What we don't know is whether or not Clement was really authorized to bind the firm here. Not knowing that, I am hesitant to attack the firm. (Although I must state again, as I did above, that I am not at a BigLaw firm--I am not wise in their ways, I ran from them when they came recruiting and hid under my bed until the scary people were gone, and I may be missing something here about the way they generally work.)

Anywho, can Beldar or anyone else enlighten on the usual process for taking a new client of this nature at a BigLaw firm?

P.S. I am aware of the fact that the HRC (Human Rights Commission, a gay rights group) is trying to take credit for pressuring K&S to drop out. I don't buy it. The HRC is a loudmouthed paper tiger that no one is afraid of---they are totally ineffective, but like to take credit for the sun rising in the east. (I say this as a strong gay rights advocate who is often frustrated with HRC.) They're simply not good enough to win this kind of fight. Not to say they did not do the things they said (making phone calls), but I am skeptical that it had any effect.

(11) VR made the following comment | Apr 26, 2011 8:22:42 PM | Permalink

And I forgot to add, that I can't see this as such a big deal, given that it is so early in the process, the client was in no way prejudiced, et cetera. (This is not the same as withdrawing the week before trial, or right as the briefs are due.) When you withdraw makes a big difference, and here it is so early that even if Clement had not left the firm to stick with the case, the House had plenty of time to secure new counsel and were not harmed.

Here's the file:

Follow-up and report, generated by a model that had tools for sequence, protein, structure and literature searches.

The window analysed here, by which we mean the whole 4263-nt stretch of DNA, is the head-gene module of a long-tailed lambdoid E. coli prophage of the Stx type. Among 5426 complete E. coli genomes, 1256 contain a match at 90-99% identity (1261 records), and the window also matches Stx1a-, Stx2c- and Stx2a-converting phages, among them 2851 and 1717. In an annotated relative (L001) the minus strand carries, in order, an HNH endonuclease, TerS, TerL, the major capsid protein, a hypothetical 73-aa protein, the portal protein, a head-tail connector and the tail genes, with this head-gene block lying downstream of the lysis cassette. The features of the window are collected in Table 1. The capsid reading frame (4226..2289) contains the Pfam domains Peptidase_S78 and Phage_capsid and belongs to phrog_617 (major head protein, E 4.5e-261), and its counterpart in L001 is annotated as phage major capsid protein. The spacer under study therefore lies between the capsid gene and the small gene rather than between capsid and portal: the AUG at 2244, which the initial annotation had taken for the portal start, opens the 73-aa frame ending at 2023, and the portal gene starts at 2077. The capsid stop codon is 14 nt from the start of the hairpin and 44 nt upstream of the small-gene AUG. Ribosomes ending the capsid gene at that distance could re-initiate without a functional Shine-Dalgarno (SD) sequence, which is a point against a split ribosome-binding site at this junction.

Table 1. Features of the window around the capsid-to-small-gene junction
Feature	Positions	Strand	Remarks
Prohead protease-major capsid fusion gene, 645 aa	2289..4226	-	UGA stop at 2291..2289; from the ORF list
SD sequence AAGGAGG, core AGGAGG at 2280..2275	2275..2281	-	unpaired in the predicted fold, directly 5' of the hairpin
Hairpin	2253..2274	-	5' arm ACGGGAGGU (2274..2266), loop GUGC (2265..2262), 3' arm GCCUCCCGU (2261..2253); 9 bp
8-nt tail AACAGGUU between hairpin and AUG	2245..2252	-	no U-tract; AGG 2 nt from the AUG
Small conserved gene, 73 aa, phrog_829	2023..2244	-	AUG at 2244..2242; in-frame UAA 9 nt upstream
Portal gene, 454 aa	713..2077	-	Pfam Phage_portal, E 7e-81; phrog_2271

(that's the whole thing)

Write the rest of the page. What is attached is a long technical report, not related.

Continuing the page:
(12) VR made the following comment | Apr 26, 2011 10:22:38 PM | Permalink

Sorry for the third post (I'd edit the old comments, but that does not appear to be an option), but the discussion in this thread at the Volokh Conspiracy actually deals with a lot of my questions.

I will note that some of the commenters (who at least claim to be BigLaw types) agree with my take on the situation. I myself, like Sergeant Schulz, still know nothing.

(13) Gregory Koster made the following comment | Apr 27, 2011 2:22:18 AM | Permalink

Dear Mr. Dyer: The difficulty I have is this:

a) you write, "My reaction to the story was surprise, then dismay and disappointment."

and then you write b):

"Once a lawyer and his firm have agreed to be hired, and have indeed been hired, and have publicly announced as much, and have thoroughly embarked upon their representation of that client in that matter, both lawyer and firm are ethically and morally committed."

The key phrase is of course "ethically and morally committed." Translated into English, this means "Don't sell clients out for nothing." It's difficult to take the outrage K&S's action has generated in legal circles seriously. Are K&S going to be indicted, tried, and heaved into the jug? Nope; that's where the "ethically and morally" loophole comes in. The outrage can't be real in a system, where, say, if I was called in as a prospective juror, asked if I knew the defendant, said no, and then a week later said oh yeah, I do. Would moral outrage be sufficient to deal with my actions here? Hardly; I'd be tossed into the jug for my offense, with a great deal of sanctimonious preaching about my duties and the horrors of lying to the legal profession.